News / Africa

Survivors of S. Africa Mine Shooting Demand Legal Funds

Miners from Marikana, along with their families and supporters, march to the Union Buildings in Pretoria, to protest the government's lack of legal funding for the Marikana commission of inquiry, Sept. 12, 2013.
Miners from Marikana, along with their families and supporters, march to the Union Buildings in Pretoria, to protest the government's lack of legal funding for the Marikana commission of inquiry, Sept. 12, 2013.
Survivors of last year’s deadly shooting at a South African platinum mine marched to President Jacob Zuma’s office on Thursday, demanding government funding for their legal team in a commission set up to investigate the killings.
 
Hundreds of angry and uninvited visitors amassed near Zuma’s office Thursday to demand legal assistance in an ongoing investigation into the deadly shooting at the Lonmin mine in Marikana in August 2012.
 
Witnesses said police opened fire on unarmed striking miners, killing 34 of them, though it about 270 miners were the ones arrested and charged with murder.

A commission of inquiry was set up shortly after the shootings. The process has been marred with problems, however, and has proceeded in fits and starts.
 
First, the miners’ lawyers pulled out of the commission, saying they lacked funding to continue fighting the case. Their clients, the 270 miners, also refused to participate until their legal fees were paid.  

A plea for the government to fund the lawyers was rejected. Efforts to get the courts to force the government to pay for the lawyers also failed. The miners have filed an appeal on that ruling.
 
On Thursday, the bulk of those miners and hundreds of their supporters took their complaints to the top by marching to Zuma’s office in Pretoria. Miners handed over their petition to a representative from the president's office and demanded a response by the end of Friday.
 
Bishop Joe Seoka, the organizer of the march, said the miners are in desperate need of Zuma’s assistance.

“We believe that him and the state organs have the capacity to assist with the plight of the workers. Where there is suffering people should lend their support to alleviate that pain that people are experiencing,” he said.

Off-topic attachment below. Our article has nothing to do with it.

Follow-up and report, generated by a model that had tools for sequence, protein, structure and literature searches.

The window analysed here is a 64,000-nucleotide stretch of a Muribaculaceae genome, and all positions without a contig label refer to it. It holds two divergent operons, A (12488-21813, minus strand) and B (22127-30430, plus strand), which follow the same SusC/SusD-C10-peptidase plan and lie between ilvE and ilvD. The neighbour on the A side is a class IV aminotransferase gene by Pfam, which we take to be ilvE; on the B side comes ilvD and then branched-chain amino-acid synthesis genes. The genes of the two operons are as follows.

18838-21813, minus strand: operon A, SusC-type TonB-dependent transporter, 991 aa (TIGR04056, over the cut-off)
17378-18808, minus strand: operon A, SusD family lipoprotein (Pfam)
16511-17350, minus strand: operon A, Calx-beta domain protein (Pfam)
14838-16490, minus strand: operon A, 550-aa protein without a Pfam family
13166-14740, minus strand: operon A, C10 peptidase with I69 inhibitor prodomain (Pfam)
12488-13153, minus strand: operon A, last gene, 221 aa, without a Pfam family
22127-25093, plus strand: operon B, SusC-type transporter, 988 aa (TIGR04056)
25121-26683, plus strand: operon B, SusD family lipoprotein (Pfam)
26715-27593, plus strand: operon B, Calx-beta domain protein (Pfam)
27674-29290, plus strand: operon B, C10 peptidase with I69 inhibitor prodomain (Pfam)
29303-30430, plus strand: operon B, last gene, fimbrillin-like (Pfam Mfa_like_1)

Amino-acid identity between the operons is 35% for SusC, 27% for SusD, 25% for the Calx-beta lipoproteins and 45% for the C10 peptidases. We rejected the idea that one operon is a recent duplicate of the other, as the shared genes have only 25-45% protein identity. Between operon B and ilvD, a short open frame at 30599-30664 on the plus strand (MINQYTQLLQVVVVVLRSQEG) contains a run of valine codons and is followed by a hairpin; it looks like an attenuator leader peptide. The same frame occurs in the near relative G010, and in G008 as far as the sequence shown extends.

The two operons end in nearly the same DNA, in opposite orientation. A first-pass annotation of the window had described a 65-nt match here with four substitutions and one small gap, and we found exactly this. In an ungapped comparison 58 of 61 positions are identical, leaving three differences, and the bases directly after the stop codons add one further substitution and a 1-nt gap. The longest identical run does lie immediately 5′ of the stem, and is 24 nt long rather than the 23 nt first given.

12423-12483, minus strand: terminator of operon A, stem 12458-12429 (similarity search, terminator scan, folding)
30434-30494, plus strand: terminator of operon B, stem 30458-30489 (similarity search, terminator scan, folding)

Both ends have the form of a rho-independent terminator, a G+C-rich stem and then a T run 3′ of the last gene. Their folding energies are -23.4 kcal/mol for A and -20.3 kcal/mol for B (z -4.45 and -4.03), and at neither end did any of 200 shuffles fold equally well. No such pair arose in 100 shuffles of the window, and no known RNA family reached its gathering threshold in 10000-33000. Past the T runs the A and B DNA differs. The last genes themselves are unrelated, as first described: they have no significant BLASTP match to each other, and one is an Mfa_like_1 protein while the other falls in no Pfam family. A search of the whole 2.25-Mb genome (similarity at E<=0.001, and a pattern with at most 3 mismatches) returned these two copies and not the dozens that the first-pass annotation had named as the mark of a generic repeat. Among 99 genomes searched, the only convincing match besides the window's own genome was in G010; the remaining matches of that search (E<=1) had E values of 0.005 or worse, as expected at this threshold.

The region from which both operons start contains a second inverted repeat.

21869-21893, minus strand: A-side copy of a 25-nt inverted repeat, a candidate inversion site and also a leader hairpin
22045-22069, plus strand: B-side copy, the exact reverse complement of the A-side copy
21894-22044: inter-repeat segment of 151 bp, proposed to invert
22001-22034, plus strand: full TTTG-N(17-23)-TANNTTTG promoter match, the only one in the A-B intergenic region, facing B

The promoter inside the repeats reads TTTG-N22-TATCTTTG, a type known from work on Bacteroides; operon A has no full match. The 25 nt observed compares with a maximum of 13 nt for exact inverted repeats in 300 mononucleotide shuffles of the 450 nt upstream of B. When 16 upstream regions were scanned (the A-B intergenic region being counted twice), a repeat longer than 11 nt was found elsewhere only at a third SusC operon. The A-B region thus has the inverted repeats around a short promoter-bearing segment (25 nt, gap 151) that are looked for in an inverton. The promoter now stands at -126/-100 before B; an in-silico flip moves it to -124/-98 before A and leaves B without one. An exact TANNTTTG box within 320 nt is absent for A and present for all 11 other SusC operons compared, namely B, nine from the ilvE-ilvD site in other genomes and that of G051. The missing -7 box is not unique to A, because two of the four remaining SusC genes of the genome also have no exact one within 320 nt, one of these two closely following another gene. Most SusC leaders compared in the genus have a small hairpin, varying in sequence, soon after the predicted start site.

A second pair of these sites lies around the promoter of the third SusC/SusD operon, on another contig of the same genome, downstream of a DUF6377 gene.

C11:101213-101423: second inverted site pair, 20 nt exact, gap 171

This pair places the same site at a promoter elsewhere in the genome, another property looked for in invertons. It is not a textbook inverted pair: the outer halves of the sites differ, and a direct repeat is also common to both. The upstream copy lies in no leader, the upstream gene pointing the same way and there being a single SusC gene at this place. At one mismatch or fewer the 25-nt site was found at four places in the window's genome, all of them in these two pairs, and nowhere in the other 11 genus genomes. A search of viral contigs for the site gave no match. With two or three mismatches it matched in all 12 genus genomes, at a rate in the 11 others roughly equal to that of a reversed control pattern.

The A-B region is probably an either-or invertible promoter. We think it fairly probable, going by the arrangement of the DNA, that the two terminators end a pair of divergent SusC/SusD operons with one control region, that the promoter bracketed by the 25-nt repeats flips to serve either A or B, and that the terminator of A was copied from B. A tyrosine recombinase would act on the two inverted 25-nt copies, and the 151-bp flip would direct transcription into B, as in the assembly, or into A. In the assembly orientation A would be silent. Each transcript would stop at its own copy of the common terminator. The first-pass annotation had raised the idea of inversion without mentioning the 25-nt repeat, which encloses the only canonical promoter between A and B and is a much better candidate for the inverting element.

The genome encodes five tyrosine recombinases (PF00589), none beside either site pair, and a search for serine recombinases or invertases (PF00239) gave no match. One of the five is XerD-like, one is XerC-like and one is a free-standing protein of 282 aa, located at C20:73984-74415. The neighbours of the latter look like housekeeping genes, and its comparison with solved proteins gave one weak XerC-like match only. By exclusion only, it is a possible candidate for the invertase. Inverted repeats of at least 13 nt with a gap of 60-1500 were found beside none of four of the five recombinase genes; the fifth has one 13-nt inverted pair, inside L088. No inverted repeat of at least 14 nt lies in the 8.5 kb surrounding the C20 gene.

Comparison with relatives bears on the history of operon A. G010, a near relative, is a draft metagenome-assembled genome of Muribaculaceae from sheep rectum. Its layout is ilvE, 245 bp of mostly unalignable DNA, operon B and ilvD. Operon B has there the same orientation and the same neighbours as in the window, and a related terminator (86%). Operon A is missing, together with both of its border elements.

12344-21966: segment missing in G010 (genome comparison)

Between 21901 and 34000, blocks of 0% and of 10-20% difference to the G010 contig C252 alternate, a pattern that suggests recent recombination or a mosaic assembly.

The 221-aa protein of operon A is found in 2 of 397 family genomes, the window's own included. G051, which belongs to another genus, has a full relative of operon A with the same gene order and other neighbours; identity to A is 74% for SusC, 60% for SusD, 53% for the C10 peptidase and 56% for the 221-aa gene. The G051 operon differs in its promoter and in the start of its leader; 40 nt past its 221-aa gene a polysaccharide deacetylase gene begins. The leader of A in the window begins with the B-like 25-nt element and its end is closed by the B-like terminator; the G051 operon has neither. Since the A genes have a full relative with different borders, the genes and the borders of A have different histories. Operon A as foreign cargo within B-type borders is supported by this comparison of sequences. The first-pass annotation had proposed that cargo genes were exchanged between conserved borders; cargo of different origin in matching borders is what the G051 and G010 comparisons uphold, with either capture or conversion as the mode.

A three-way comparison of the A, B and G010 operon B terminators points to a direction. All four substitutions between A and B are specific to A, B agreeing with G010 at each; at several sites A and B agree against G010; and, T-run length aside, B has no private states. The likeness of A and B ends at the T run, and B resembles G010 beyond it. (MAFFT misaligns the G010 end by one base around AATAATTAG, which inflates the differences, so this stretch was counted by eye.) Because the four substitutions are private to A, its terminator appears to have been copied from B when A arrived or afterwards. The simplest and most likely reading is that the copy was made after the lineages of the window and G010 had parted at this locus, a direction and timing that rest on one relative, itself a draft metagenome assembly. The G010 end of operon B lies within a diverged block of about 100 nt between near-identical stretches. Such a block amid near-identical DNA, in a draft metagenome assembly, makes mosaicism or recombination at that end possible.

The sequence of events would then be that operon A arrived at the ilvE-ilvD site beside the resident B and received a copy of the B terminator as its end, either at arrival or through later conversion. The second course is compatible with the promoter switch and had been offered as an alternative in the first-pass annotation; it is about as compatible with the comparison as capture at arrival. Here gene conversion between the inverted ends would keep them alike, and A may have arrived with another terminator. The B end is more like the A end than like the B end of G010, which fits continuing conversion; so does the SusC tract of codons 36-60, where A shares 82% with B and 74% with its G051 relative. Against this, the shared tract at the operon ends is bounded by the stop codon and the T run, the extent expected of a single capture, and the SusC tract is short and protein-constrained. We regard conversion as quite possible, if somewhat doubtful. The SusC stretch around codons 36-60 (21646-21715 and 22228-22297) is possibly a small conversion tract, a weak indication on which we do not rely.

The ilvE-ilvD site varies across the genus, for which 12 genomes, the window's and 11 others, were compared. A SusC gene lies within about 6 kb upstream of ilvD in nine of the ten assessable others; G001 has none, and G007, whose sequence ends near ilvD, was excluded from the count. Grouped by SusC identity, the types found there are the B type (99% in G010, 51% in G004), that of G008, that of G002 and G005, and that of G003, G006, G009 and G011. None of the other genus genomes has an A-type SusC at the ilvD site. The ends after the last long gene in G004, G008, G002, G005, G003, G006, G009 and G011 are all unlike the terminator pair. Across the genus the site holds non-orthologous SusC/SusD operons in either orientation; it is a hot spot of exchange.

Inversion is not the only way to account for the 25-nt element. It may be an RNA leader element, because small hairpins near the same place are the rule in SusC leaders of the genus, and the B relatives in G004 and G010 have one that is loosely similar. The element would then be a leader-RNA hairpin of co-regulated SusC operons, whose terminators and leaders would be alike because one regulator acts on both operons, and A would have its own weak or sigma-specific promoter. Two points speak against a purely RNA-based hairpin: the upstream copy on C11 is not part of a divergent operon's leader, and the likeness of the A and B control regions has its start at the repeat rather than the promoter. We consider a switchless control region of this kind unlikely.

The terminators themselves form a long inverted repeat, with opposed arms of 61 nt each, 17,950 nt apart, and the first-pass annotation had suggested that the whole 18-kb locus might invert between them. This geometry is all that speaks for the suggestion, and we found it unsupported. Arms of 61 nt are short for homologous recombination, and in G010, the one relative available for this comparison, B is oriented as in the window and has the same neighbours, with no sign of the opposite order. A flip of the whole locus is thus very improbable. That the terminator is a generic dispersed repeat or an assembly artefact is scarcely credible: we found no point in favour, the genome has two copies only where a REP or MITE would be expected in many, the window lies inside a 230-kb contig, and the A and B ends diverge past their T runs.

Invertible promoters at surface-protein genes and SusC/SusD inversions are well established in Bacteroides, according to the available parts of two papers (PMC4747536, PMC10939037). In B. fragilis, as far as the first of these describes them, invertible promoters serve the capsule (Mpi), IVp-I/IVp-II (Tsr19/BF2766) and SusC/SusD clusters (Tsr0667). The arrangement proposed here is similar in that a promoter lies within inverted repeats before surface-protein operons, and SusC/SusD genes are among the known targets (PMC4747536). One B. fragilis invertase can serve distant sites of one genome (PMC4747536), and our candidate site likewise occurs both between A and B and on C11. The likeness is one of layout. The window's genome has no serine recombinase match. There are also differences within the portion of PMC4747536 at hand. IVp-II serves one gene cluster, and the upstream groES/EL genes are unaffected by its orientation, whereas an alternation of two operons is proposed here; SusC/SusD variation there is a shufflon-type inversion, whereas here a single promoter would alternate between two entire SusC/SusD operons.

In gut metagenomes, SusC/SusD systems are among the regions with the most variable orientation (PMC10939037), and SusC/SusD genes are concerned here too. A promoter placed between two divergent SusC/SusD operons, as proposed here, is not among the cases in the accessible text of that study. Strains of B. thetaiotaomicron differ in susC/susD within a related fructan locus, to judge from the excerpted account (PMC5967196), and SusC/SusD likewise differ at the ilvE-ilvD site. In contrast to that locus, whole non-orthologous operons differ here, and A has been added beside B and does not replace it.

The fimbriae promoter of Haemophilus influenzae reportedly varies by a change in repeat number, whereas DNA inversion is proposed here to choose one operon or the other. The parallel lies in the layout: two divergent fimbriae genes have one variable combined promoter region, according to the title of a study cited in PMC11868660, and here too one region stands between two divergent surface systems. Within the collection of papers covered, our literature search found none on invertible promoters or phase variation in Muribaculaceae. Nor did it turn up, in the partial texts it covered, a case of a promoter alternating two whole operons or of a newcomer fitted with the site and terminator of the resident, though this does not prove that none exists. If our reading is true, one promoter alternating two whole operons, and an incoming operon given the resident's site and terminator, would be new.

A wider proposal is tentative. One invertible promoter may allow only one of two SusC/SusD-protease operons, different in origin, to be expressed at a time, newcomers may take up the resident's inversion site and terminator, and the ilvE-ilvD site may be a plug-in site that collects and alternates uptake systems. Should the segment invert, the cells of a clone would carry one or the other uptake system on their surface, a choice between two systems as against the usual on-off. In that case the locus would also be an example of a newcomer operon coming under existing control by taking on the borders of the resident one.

Presidential spokesman Mac Maharaj said the presidency was aware of the miners’ demands and would forward their request to the Department of Justice.
 
Rehad Desai, a spokesman for the Marikana Support Campaign, said helping the miners is the right thing to do.
 
“The Commission of Inquiry has a budget of 115 [million rands], why can’t two or three million of that money go to the injured and arrested? There is 270 of them facing life sentences, they are on murder charges," he said. "The outcome of this commission of inquiry is critically important for their liberty.”
 
Gqiha Yaso, a 33-year-old miner from South Africa’s rural Eastern Cape province, said he was there on that fateful day when police began firing into the crowd of miners, who had held the strike without approval from the dominant union at the mine.   

“There was this cloud of smoke coming from the kopje [small hill]. I could only hear sound of machine guns. I saw people running. There was this young guy I had spoke to earlier, he was nowhere to be found. I got a call saying that he has been found in a mortuary on Sunday,” said Yaso.
 
Some of the marchers Thursday brought another message to Zuma, carrying banners of opposition political parties and crying, “Down With Zuma” and “End Zuma’s Rule.”

The Zuma government was harshly criticized for the shootings, which were said to be the worst instance of police brutality South Africa has seen since the end of apartheid.

You May Like

UN Watchdog Urges Israel to Probe Possible Gaza War Crimes

More than 2,100 Palestinians, most of them civilians, were killed in a 51-day war in Gaza, along with 67 Israeli soldiers and six civilians in Israel More

New Kenyan 'Thin SIMs' Poised to Transform African Mobile Money

Equity's new technology is approved in African nation for one-year trial, though industry leader Safaricom says thin SIMs could lead to data theft and fraud More